|The electoral college proved to be just a stamp for the political parties, why then have them. In a democracy every vote counts not just 270.|
The Electoral College formalized Donald Trump's election victory on Monday despite protests around the country to encourage GOP electors to abandon the Republican.
The president-elect easily racked up the 270 electoral votes needed to send him to the White House. Interest in the normally mundane voting process spiked this year as opposition to Trump continues to fester, fueled by Clinton's success in capturing over 2.6 million more votes than her Republican opponent.
Anti-Trump protesters descended on state capitols throughout the U.S. in a last-ditch effort to persuade so-called "faithless electors" in states Trump won to change their vote. Many of the Republicans casting ballots said they were inundated with calls and emails urging them to dump Trump.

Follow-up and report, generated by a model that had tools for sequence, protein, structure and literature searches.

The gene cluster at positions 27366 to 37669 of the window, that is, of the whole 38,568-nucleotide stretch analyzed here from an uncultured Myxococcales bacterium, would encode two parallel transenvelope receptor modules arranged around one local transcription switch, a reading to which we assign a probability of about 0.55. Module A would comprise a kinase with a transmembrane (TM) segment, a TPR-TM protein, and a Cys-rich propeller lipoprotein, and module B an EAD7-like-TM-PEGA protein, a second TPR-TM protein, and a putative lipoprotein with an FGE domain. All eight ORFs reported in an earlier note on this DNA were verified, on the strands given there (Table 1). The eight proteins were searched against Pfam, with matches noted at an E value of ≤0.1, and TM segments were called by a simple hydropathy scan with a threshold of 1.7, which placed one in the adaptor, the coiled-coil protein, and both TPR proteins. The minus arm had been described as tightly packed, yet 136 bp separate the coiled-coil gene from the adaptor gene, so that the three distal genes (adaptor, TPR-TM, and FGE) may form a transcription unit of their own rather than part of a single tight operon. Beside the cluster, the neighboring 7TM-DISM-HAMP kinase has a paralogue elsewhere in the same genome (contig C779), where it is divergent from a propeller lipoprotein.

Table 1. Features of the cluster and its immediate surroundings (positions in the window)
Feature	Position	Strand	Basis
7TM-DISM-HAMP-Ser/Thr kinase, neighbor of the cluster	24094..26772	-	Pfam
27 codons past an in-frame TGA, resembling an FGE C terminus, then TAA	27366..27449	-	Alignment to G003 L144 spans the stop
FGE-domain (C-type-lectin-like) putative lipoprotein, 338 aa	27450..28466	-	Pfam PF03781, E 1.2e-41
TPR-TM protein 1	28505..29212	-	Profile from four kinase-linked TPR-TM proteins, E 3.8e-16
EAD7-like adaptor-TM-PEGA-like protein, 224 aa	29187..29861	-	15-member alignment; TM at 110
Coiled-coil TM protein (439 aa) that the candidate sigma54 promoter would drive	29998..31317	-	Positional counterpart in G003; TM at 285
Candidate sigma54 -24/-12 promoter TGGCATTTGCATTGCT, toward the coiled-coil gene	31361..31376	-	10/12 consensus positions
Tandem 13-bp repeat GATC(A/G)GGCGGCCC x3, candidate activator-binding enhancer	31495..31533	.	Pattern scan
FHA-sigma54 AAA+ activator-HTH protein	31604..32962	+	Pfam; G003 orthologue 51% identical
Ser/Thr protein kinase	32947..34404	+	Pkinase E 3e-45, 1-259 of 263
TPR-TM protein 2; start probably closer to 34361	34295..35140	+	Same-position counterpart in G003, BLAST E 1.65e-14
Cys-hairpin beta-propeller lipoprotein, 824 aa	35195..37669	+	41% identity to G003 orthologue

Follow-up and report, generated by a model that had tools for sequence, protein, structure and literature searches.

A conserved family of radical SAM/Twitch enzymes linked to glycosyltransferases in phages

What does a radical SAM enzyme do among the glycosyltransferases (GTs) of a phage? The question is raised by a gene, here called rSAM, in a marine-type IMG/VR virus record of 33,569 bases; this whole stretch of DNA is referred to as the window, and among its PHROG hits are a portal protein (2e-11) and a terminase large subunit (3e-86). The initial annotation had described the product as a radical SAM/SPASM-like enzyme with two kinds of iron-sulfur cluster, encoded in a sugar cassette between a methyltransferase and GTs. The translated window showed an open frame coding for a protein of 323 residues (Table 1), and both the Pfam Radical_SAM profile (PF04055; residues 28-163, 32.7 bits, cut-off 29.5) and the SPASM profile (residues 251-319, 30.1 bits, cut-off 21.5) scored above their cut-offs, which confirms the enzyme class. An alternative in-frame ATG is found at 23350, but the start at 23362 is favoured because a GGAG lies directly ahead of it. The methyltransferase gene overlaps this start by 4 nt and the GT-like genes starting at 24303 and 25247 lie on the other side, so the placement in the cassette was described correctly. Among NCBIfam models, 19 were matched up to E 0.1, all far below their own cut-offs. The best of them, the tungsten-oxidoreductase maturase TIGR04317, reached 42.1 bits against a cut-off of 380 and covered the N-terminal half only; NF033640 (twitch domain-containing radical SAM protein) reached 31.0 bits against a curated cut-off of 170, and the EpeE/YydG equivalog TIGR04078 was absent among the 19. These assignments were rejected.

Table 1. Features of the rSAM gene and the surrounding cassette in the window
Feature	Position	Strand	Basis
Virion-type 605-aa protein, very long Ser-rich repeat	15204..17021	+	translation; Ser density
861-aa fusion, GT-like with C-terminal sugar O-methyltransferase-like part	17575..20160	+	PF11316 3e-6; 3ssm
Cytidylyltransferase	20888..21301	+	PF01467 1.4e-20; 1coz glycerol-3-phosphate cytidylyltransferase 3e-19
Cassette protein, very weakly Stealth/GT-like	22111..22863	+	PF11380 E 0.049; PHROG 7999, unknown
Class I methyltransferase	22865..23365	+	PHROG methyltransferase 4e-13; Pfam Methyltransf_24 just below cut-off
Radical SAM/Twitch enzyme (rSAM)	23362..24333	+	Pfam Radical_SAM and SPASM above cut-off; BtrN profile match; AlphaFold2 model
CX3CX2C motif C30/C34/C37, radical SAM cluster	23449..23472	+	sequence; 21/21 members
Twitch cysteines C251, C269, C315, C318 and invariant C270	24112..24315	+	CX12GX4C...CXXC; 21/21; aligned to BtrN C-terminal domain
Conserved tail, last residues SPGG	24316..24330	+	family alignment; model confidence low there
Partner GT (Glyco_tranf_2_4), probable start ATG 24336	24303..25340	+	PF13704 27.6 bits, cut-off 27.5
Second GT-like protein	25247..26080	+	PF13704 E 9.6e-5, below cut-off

And some electors did break with how their state voted, albeit in unexpected ways. In Washington, a state Clinton won by 16 points, the former secretary of state received just eight of the state's 12 electoral votes. Colin Powell received three votes and Native American tribal leader Faith Spotted Eagle received one as part of an effort to promote a candidate other than Trump.
An elector in both Maine and Minnesota attempted to cast a ballot for Bernie Sanders, who unsuccessfully challenged Clinton in the Democratic primary. However state laws requiring electors to follow the statewide vote invalidated both efforts.
Only one Republican elector, Christopher Suprun of Texas, publically pledged not to vote for Trump despite his state heavily favoring the president-elect last month. One other Texas elector also abandoned Trump in the final vote.
An Associated Press survey of the electoral college's 538 members found there was little interest from members in breaking from voting how their states did. Thirty-seven electors would have needed to defect from Trump to endanger him from winning.
The Electoral College met in all fifty states and Washington, D.C. on Monday. Congress will certify the results on Jan. 6 and the president will be inaugurated Jan. 20.